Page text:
Did Wittgenstein think that Robinson Crusoe and Tarzan are able to follow rules?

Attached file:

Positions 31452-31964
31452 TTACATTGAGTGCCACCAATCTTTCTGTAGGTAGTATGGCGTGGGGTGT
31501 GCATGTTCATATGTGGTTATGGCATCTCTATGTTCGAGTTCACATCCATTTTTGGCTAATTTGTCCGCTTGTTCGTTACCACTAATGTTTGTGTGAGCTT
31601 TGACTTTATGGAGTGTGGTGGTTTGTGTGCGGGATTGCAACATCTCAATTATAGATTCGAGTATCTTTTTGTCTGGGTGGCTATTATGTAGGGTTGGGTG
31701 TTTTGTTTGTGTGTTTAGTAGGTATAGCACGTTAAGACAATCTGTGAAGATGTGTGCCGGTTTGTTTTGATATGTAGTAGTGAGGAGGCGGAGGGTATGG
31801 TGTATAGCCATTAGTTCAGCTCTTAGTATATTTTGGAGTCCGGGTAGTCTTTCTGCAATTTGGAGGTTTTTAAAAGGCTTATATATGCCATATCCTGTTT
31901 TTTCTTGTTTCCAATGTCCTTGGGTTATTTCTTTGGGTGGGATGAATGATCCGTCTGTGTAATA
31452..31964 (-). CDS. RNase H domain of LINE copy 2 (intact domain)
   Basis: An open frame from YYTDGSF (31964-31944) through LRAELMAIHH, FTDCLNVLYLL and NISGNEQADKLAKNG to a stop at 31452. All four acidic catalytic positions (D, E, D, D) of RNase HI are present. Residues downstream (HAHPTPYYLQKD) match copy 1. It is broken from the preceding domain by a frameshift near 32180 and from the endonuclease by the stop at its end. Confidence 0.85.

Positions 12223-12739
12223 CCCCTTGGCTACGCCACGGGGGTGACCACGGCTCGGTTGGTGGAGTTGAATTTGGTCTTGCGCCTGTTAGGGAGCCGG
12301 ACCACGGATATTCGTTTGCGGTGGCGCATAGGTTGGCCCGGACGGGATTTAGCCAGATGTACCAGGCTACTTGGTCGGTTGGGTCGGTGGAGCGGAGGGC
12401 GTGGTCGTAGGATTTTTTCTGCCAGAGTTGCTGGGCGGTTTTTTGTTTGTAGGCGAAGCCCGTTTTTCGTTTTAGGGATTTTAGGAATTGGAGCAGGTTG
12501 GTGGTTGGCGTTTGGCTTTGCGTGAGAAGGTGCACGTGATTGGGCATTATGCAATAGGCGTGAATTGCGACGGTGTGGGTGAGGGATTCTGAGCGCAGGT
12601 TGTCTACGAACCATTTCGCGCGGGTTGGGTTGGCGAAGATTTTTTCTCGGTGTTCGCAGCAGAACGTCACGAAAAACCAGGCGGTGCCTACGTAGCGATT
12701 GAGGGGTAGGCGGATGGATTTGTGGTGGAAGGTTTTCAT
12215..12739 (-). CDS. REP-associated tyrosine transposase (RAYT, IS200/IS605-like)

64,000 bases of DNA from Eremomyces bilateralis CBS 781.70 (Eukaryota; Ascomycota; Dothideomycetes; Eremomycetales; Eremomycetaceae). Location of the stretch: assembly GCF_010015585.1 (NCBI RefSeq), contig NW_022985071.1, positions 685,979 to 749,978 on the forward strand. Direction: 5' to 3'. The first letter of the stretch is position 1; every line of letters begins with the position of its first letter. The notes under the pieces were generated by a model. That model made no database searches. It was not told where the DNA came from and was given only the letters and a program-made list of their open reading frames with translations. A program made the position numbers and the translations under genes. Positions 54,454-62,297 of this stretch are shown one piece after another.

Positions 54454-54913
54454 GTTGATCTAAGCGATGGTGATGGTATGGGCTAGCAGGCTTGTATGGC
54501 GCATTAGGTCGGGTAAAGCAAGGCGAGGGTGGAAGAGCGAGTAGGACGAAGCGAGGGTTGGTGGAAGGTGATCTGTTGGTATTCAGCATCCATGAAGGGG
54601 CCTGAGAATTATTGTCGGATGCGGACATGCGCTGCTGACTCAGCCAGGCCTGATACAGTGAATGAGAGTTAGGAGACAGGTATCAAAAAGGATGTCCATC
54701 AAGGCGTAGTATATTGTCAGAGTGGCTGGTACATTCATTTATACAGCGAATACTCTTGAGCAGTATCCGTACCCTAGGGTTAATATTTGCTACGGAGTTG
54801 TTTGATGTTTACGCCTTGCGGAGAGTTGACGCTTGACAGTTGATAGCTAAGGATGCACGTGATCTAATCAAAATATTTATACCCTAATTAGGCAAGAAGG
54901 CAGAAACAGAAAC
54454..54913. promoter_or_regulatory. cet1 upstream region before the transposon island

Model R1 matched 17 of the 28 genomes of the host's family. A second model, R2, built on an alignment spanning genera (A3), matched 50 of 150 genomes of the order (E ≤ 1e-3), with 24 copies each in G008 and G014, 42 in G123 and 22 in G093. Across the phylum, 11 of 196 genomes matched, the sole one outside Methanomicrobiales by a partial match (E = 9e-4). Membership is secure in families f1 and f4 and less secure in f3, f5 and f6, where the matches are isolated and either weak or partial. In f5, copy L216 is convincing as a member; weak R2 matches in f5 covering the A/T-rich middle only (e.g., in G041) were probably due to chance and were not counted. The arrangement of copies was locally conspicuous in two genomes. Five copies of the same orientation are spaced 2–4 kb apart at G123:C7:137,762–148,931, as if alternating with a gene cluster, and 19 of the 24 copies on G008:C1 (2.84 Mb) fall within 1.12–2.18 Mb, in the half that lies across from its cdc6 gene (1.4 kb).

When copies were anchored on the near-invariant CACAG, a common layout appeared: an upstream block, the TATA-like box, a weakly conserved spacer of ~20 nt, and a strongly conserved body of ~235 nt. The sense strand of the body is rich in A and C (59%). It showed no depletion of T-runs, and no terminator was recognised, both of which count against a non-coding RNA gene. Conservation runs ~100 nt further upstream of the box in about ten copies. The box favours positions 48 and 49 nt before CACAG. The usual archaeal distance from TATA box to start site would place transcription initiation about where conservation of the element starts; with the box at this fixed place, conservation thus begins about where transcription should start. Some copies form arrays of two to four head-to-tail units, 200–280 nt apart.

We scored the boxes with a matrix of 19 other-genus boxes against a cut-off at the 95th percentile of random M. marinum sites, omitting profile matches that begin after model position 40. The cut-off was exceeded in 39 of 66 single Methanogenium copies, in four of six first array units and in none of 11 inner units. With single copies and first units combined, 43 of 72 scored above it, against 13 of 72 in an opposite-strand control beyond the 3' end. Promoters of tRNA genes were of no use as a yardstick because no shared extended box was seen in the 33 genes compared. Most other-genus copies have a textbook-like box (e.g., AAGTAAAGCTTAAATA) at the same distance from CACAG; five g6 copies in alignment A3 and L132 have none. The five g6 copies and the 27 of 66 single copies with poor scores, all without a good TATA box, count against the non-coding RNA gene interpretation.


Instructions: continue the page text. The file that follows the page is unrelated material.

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Commentators differ in function that interactions between people (‘intersubjectivity’) plays in Wittgenstein’s conception of language. There are broadly two camps. The so-called ‘individualists’ think that, for an individual to mean something by an utterance, it is sufficient that there are ‘public’ criteria for determining what she means (i.e. that it is manifested in her behaviour) such that, in principle, another person could understand her (even if there is no such person). For the individualists then, it is the logical possibility of intersubjectivity that is required for language.